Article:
Homeowners Insurance Premiums and Coverage
The cost and availability of homeowners insurance through the voluntary market has become a major issue in coastal areas, largely due to national catastrophic events in the past 15 years and the revision of catastrophe models. These events and models have resulted in an overall increase in the cost of reinsurance. Private insurance companies either pass their increased costs along to policyholders, or reduce the number of policies in coastal areas. Insurance companies that remain in the voluntary market are protected to some degree by the Massachusetts Insurers Insolvency Fund (Guaranty Fund), which is a nonprofit, unincorporated legal entity that covers claims up to $300,000 when insurers become insolvent. Many companies, however, have not renewed policies, especially in the Cape and Islands region, where approximately 14,000 policies in 2004, 24,000 in 2005, and 5,300 in the first half of 2006 were not renewed (Bowler, 2006). Homeowners who cannot get insurance through the voluntary market often get policies through the Massachusetts Fair Access to Insurance Requirements (FAIR) Plan. Approximately 42% of the FAIR Plan is comprised of policies in coastal rating territories (Bowler, 2006). Insurance companies that make up the Massachusetts Property Insurance Underwriting Association (MPIUA) are concerned about this increase in FAIR Plan policies. If the FAIR Plan experiences an underwriting loss, the member companies of the MPIUA will be assessed for the claims (Bowler, 2006).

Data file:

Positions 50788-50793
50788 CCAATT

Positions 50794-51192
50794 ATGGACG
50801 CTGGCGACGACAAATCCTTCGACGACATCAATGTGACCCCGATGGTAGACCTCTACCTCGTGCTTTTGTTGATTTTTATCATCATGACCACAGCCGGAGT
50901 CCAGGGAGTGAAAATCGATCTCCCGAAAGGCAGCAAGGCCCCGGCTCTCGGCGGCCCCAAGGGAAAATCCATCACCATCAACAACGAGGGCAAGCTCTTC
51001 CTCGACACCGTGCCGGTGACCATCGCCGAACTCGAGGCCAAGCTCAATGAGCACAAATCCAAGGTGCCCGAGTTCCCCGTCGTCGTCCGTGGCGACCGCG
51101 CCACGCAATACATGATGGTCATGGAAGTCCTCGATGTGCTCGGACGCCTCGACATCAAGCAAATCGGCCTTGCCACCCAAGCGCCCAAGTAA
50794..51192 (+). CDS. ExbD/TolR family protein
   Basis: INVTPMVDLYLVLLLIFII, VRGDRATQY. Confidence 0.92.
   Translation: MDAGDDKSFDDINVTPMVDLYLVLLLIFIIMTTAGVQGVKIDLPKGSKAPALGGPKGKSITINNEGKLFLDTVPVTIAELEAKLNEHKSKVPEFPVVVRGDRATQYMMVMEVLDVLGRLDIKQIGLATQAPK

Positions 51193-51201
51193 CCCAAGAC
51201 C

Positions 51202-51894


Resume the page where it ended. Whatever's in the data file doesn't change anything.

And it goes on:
Voluntary Land Acquisition
Costs associated with storm damage are felt by residents, communities, and the state. Acquisition of storm-prone properties from willing sellers lessens future costs and produces benefits for the public. Public acquisition of coastal land protects habitats, provides public access, increases recreational opportunities, and may protect the quality and quantity of ground water as well. Massachusetts has several land acquisition programs at the state and local level. While all of the state programs are authorized to acquire vulnerable coastal properties, that is not necessarily their primary purpose. However, acquisition of key coastal properties can meet the needs of the programs while also mitigating coastal hazards. There are several ways for municipalities to acquire storm-prone properties. The Community Preservation Act (CPA) is funded with property taxes and can be used for acquisition and preservation of open space. The state and municipalities should acquire storm-prone properties to reduce the risk of storm damage and associated social and environmental costs.
Planning and Regulations
The Planning and Regulations Working Group explored planning and regulatory options at the local and state level. Development and implementation of hazard mitigation plans was identified as a top priority (Recommendation #16). Other recommendations from this working group include: developing controls on coastal construction (Recommendation #17), coordinating local permitting (Recommendation #18), developing performance standards for land subject to coastal storm flowage (LSCSF) (Recommendation #19), holding a coastal conference (Recommendation #20), and addressing transportation infrastructure and flooding issues (Recommendation #21).Hazard Mitigation Plans